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Military Prepares Aerial Support for Fire Season

Photo by Chris Fahey / U.S. Navy/Getty Images

Above: In this photo provided by the U.S. Navy, An MH-60S Seahawk assigned to Helicopter Sea Combat Squadron (HSC) 85, lifts a full 420-gallon extinguishing trough from a local reservoir near the raging wildfires October 23, 2007 in San Diego County.


Several wildfires burning throughout California have forced people from their homes. They've burned tens of thousands of acres in Santa Barbara, Santa Cruz and Shasta Counties.

— Several wildfires burning throughout California have forced people from their homes. They've burned tens of thousands of acres in Santa Barbara, Santa Cruz and Shasta Counties. Earlier this week, we spoke with Lieutenant Colonel David Condit. He's program manager for the Air Force Reserve aerial firefighting program.

Dwane Brown: You guys recently received funding for more aerial support, can you tell us a little more about that and how that’s going to work out.

Lieutenant Colonel David Condit: Yeah, we’ve had a program that’s evolved over the last several years to give us some new equipment which we’ve taken delivery of this year. Two of those systems are currently in Southern California and ready to fight on the fires if the California Department of Forestry needs them.

Brown: Budget cuts in San Diego and California mean less money for aerial support to fight wildfires. What role do you see the military playing?

Condit: We tend to back up the federal agencies, so if CAL FIRE needs us they’ll request us through the national fire center, and typically that’ll be funded using federal dollars rather than state dollars.

Brown: Now, much was said about the lack of coordination during the 2003 and 2007 wildfires here in San Diego county. How do you work with those state and local fire departments to actually improve the effort?

Condit: I think any time you have a situation like 2003 we try to capture the lessons from that and translate them to new procedures and tactics for the following years. So that’s what we did in 2003. We learned some great lessons and what we did this year is we worked with folks from CAL FIRE and the US Forest Service and several other agencies and had a big exercise at the beginning of summer so we could make sure we were ready to fight those fires if the need arose.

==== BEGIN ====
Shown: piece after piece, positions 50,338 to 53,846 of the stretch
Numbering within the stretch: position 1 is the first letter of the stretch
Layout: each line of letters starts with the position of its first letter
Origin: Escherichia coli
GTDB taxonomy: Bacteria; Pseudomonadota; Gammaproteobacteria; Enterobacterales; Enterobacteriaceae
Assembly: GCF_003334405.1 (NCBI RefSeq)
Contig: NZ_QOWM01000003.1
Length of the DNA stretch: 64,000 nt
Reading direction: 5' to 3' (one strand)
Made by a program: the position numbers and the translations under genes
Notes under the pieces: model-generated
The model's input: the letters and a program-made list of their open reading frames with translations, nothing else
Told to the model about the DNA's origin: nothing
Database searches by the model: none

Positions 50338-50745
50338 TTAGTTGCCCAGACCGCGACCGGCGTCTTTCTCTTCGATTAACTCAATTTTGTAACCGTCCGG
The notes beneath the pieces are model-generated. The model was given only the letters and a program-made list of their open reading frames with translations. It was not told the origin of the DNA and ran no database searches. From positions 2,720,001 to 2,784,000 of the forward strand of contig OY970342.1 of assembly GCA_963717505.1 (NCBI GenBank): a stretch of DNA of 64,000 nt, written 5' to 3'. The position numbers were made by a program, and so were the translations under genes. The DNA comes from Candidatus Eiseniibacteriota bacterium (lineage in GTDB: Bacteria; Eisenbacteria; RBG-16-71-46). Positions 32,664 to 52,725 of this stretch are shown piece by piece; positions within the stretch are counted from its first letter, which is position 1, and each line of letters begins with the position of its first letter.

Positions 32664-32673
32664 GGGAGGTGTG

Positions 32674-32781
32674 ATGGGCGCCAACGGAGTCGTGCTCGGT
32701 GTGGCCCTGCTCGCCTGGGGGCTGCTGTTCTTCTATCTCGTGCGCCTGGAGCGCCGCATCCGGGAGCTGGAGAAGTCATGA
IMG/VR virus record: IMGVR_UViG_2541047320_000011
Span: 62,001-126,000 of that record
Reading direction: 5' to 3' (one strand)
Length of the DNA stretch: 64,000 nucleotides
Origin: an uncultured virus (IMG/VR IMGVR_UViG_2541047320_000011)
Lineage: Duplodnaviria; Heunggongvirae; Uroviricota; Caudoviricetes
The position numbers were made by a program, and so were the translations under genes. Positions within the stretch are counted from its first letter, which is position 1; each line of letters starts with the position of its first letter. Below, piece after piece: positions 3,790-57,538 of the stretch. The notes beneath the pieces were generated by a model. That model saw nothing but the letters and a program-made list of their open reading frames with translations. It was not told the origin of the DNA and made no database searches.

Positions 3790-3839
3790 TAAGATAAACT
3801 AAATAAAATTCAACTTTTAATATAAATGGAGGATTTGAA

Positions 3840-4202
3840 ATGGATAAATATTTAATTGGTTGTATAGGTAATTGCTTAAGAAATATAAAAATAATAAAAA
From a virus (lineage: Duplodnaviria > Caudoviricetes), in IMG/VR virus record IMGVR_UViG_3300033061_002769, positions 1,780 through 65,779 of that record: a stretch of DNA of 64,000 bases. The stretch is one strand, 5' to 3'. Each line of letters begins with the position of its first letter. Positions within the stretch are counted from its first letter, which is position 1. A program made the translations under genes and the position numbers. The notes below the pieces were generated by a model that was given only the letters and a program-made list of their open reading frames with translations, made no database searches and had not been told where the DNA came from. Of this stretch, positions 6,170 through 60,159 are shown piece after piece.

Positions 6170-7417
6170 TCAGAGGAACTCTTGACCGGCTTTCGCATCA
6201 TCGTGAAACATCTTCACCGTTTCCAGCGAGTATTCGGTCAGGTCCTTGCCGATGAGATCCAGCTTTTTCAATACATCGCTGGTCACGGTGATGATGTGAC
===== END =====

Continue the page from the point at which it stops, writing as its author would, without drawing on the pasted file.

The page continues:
Brown: Does your preparation change from season to season?

Condit: Not really. I think what we do is we take the lessons we learn and we add them to what we’ve already known, and we make small adaptations based on the way things are moving. For the most part we have a pretty solid training program and a pretty solid preparation program that looks about the same each year.

Brown: Give us an idea of what we’re talking about when we say state-of-the-art aerial firefighting equipment.

Condit: Our old systems consist primarily of World War II and Korean War era bombers, and so this new system is designed to slide into the back of newer aircraft like our military C-130s. So that system has built on the technology and the lessons we’ve learned over many decades of fighting fires. So this system is more capable; it can put more retardant onto a fire in a quicker amount of time at a lower cost.

Brown: And what have you learned from fighting fires, say, in other countries, that you can bring to bear here?

Condit: I think any time you see the way another country works and how their, especially how their agencies work together, there’re lessons to go both directions. So, I think we bring something to them that they can learn, and they bring something to us any time we look at those agencies interact. We like to bring those things back, whether it’s working with a state or federal agency to translate the things that we’ve learned abroad into how we can operate here in our own country.

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